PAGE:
When The Mind Wanders, So Does Our Free Will?

This morning during meditation, I thought about mind-wandering and how the sense of free will is evanescent.

When meditating, the goal (if there ever is any) is to keep the attention focused on the breath:

Inhaling, holding the breath, releasing it.

Yet, after some time, the attention wanders; thoughts emerge in the periphery and the sense of agency is lost.

To steer the attention back to the breath, one steps away from the thoughts, allowing them to pass through (without following them), only to once again focus the attention on the breath, restarting the entire process.

The peculiar aspect of this experience is that when I focus the spotlight of attention in my mind’s eye to follow my breathing pattern, I have the subjective experience of being in control.

However, when my mind wanders, as is suggested by the term mind-wandering, I feel as though I am not.

More peculiar still:

I rarely, if ever, notice when my mind wanders; I notice it when the mind has wandered.

As a consequence, this leaves me with the experience of having lost the agency over my attention and the need to regain it.

This back-and-forth dynamic leads me to the question:

Where is the dividing line between me being in control of my attention and failing to have agency over it?

Attention, Consciousness & Unconscious Attention

In some parts of the consciousness literature, scientists maintain that one can pay attention to various stimuli unconsciously (Rees & Frith, 2017). However, one cannot be conscious without paying attention.

In other words, it is unidirectional.

In my experience during meditation, I oscillate between these two states:

  • Conscious and unconscious awareness.

And that I am always one step behind.

Put simply:

I focus my attention on the breath…

…I fail to notice that my attention wanders…

…I detect that I am paying attention to thoughts in the periphery…

…I refocus my attention on the breath…

…repeating this cycle with the hope that the oscillating pattern will become more stable over time in favor of me being in control of my attention.

For this pattern to happen, there must exist a threshold where I fail to notice that I am no longer paying attention; a brief flash where I momentarily lose the phenomenological experience of directing my attention; a dividing line.

If that is the case, if there is a dividing line, how come I am constantly in the dark as to when the diffusion (of sorts) happens?

That is, when my focus moves from areas of high attention (focus is on the breath) to areas of low attention (focus is on peripheral thoughts).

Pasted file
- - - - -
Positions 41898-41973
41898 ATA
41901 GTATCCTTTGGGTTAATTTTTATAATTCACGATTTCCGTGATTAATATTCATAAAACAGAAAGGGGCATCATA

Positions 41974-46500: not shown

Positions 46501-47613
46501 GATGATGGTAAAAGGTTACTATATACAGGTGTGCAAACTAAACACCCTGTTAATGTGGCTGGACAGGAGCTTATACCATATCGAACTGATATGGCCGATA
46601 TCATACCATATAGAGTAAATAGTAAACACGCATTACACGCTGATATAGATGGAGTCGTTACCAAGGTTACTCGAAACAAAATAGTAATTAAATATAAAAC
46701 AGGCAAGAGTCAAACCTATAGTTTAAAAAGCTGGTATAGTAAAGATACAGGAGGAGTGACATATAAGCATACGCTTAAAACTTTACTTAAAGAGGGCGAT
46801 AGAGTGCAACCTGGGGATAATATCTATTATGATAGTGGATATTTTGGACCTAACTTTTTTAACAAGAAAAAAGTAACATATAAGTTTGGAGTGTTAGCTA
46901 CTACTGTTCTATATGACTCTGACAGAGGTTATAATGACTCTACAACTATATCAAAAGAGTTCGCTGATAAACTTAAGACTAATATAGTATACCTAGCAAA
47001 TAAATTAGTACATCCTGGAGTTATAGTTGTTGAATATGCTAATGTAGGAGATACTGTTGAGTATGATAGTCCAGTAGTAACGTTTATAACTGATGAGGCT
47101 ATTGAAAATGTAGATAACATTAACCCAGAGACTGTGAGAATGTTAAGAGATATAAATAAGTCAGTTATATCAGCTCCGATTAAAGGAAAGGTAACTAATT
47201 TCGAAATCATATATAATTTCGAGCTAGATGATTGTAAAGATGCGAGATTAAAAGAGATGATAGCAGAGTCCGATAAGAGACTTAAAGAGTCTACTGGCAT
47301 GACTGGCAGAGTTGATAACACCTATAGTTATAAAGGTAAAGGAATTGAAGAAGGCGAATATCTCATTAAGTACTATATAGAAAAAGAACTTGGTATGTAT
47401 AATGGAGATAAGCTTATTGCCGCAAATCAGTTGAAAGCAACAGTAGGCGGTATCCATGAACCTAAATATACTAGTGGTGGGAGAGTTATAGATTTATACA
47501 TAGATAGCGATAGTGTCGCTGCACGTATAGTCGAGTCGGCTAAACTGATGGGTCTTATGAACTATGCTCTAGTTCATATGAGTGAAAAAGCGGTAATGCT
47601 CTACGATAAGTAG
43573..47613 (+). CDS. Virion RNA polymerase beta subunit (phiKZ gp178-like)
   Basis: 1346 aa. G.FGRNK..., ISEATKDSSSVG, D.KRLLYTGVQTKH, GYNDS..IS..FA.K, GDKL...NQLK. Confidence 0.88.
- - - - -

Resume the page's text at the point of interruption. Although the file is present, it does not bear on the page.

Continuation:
How can I explain the lag in my conscious experience?

Even more frustrating:

How come it feels as though I have agency over my attention some of the time, but not all of the time?

In some sense, attention is migratory—similar to Siberian Cranes, because at some point, both move from one place to another.

The difference is that the bird’s behavior is one of the observable variety; it can be studied and thoroughly understood.

The movements of the mind, however, are a bit trickier to put under the magnifying glass. Thus, the tinge of perplexity.

The Convincing Narrative

To make it even more bizarre: What evidence is there that I paid attention to my breathing, only to lose my sense of agency other than the subjective experience of having memories of the event?

I was the only entity present.

I suspect that the dividing line between me having the experience of being the autonomous agent directing the attention, and me noticing that I no longer am, has to do with convincing post-hoc rationalizations and differences in narrative; discrepancies regarding the believability of the various feedback loops one subjectively observes.

It feels, and has always felt, as though I can direct my attention.

Thus, when I have the experience of wielding my attention, the narrative I write and constantly update is that I am in control.

When I feel as though my attention drifts away (or rather when I notice my attention having drifted), the sense of agency is lost; a possibly unpleasant state.

To combat the cognitive dissonance, I invent a narrative that is ego-soothing and explain away the unexplainable phenomenon as a mere byproduct, so that I can return to the story of me being an autonomous agent with free will.

In the final analysis, however, I suspect that the oscillatory cycle of having agency over one’s attention and shortly thereafter losing it are both stochastic and random processes over which there is no control, but that the differences in narrative convince us otherwise.


Rees, G. & Frith, C. (2017). ‘The Neural Correlates of Consciousness’ in Schneider, S., & Velmans, M. (ed.) The Blackwell Companion to Consciousness. 2nd Edition. John Wiley & Sons Ltd: West Sussex, pp. 591-606.